Earlier this month, Flug officially dedicated the first-responders station in the northern city only a few kilometers from the Lebanese border. Nahariya was one of Israel’s hardest-hit areas during the Second Lebanon War, and remains under constant threat of renewed violence – thus the importance of modernizing the old station, which had been built three decades ago and was in a terrible state. MDA staffers and volunteers saved many lives during the war as they rushed wounded soldiers and civilians to regional hospitals. Even after the war ended, tensions remained. “Another war with Hizballah is a very frightening reality, and we need to do everything we can to make sure Israel’s home front, and particularly the northern communities, have the proper tools,” Gerson said at the ceremony.

AFMDA used to be organized on the basis of chapters, but it was found more efficient to do so as four regions – East, West Coast, Florida and Chicago, says the CEO. “We have a database with 400,000 names of people who once donated to AFMDA. Half of them are current activists. Most contributions are small, from the symbolic $18 (hai) to $100.”

Fortunately, AFMDA has donors like the Gurwins and New York Mayor Michael Bloomberg, who has contributed a significant amount to renovate and expand Jerusalem’s vital MDA station at the western entrance to the capital. A few years ago, the mayor attended a groundbreaking ceremony for the building to be renamed for his father, the William H.

Bloomberg MDA Jerusalem Station. Although the event was followed by delays when a contractor sued, construction is progressing well, and the station is due to open in the spring. The Jerusalem station has not offered urgent outpatient medical care for a few decades, since the late Dr. David Applebaum launched the private chain of TEREM urgent care clinics. Most MDA stations now do not offer urgent care.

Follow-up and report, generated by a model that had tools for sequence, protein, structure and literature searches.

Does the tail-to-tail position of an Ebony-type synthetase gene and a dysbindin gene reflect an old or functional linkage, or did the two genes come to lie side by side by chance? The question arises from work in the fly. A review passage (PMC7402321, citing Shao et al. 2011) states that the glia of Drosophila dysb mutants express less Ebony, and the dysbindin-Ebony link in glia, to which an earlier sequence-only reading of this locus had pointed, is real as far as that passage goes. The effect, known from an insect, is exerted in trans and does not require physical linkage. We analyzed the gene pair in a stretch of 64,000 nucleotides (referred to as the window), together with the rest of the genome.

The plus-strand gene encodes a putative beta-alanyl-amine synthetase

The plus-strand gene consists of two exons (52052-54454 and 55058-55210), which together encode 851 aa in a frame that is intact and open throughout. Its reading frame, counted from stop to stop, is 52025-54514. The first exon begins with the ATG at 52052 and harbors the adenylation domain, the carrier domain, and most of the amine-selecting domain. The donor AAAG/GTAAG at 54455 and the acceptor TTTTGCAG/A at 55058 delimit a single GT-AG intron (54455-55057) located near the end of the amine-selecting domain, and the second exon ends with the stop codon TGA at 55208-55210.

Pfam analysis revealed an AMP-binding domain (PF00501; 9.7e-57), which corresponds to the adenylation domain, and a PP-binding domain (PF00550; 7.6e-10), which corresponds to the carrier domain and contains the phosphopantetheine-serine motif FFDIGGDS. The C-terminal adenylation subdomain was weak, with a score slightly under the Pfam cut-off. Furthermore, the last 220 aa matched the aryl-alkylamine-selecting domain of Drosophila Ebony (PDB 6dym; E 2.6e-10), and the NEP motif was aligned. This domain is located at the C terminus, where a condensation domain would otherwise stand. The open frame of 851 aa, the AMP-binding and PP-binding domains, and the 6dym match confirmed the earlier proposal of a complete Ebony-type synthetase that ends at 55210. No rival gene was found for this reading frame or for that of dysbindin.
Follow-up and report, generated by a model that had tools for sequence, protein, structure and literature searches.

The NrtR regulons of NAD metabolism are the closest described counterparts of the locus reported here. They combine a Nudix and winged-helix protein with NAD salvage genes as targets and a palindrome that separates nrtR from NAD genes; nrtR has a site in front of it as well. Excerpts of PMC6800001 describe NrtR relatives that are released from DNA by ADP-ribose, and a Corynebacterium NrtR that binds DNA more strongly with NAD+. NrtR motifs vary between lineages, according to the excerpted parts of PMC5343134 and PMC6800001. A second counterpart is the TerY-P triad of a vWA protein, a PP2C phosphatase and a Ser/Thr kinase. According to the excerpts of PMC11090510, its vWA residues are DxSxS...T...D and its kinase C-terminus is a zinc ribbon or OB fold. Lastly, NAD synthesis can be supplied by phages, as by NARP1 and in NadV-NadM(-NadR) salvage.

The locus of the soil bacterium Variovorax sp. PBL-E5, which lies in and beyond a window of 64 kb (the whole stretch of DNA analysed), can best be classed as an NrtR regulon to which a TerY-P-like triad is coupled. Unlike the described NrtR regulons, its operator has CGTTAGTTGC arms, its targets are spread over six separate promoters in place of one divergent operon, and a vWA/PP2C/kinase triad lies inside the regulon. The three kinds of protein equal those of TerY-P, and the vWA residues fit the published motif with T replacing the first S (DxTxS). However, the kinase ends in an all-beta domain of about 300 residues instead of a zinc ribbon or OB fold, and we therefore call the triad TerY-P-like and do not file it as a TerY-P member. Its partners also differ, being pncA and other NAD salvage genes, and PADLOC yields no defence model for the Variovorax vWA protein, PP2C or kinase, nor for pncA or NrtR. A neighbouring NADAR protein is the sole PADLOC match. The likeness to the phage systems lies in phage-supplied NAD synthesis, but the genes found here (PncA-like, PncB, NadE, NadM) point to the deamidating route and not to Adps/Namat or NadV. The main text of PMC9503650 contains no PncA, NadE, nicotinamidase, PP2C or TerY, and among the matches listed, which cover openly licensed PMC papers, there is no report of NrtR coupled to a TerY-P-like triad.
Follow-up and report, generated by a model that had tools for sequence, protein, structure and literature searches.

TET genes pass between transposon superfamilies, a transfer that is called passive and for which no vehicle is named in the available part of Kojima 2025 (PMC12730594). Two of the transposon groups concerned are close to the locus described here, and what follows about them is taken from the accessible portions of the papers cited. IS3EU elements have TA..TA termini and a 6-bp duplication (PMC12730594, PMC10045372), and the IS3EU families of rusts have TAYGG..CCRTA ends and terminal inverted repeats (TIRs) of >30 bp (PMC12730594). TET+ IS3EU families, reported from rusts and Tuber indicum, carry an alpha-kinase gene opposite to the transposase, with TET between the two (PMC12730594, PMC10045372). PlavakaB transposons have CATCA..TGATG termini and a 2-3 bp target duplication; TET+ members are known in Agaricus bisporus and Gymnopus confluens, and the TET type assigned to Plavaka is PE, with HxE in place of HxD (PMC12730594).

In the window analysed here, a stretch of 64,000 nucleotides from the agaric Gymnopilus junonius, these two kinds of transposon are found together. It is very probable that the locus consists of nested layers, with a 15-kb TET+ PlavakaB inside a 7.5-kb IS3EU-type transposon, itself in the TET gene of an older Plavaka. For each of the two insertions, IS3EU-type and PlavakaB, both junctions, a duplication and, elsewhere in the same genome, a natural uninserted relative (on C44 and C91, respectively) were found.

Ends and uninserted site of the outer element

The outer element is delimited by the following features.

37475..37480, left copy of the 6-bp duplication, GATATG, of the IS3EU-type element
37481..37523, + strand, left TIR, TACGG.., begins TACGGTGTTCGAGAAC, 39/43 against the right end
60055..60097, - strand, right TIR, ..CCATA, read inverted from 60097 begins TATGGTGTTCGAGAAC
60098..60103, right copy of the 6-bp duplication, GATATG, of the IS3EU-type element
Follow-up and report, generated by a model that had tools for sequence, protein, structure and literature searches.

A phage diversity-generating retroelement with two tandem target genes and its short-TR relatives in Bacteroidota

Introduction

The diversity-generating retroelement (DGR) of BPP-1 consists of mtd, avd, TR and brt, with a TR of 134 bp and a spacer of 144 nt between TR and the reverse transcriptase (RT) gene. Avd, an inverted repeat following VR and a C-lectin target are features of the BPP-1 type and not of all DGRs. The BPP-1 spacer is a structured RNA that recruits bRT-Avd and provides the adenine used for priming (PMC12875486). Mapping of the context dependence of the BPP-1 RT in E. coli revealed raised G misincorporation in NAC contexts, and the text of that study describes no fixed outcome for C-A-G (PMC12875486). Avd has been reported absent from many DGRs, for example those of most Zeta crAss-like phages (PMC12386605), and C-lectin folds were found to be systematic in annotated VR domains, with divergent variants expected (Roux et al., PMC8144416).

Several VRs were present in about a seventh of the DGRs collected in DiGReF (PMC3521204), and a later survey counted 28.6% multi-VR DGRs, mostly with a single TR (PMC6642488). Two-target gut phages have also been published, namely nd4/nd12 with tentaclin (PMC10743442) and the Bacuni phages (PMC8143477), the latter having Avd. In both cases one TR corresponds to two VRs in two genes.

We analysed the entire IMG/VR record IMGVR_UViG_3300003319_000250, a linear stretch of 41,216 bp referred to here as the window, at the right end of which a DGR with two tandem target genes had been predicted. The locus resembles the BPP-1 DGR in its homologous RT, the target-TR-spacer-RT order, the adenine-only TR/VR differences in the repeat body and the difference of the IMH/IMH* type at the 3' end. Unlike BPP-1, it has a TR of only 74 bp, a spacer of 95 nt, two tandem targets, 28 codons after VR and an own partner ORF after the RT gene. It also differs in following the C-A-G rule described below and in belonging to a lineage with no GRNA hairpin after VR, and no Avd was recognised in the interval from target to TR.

IN THE pre-Internet day, mailed envelopes with publicity material inside, videocassettes, DVDs and organizational lunches and dinners used to be a common way of raising money for MDA.

Gerson notes that AFMDA has moved to videoconferences an other electronic media such as its Web site (, Twitter, Facebook and email.

Like the Hadassah Women’s Zionist Organization of America and other American Jewish groups that seek longterm contributions, AFMDA also accepts money from supporters who establish a charitable gift annuity as a secure source of income that also supports MDA. As for festive meals, they remain a fundraising tool. And while in smaller cities, lunches and dinners weren’t always kosher, they all are today, says Gerson, who wears a crocheted kippa. But he still feels that “the best way to sell something is face to face.”

The new CEO earned a bachelor’s degree in psychology, English and Jewish studies from Natal University in South Africa. Gerson speaks good Hebrew and is familiar with Israeli life, as he lived here for five years, during which he earned a master’s degree in social and industrial psychology from Bar- Ilan University in Ramat Gan. In fact, he met his American-born wife Esther on campus. After the Gersons’ graduation from BIU, they moved to NY, and he participated in a post-master’s program at Columbia University’s Institute for Not-for-Profit Management. They have three daughters aged 22 to 15, and two are already considering aliya.

Before he worked for AMIT, Gerson served in a variety of senior staff positions with the UJAFederation of New York for 13 years.

Within weeks of his AFMDA appointment, Gerson came to Israel, where he met with MDA’s directorgeneral Eli Bin and other officials. He is aware that the organization has been quite troubled in recent years. Bin has in particular been severely criticized by the media, especially the Yisrael Hayom daily, and longtime spokesman Yerucham Mendola has been indicted after nearly a year’s suspension for allegedly forging a police document and using it when stopped by a patrol car.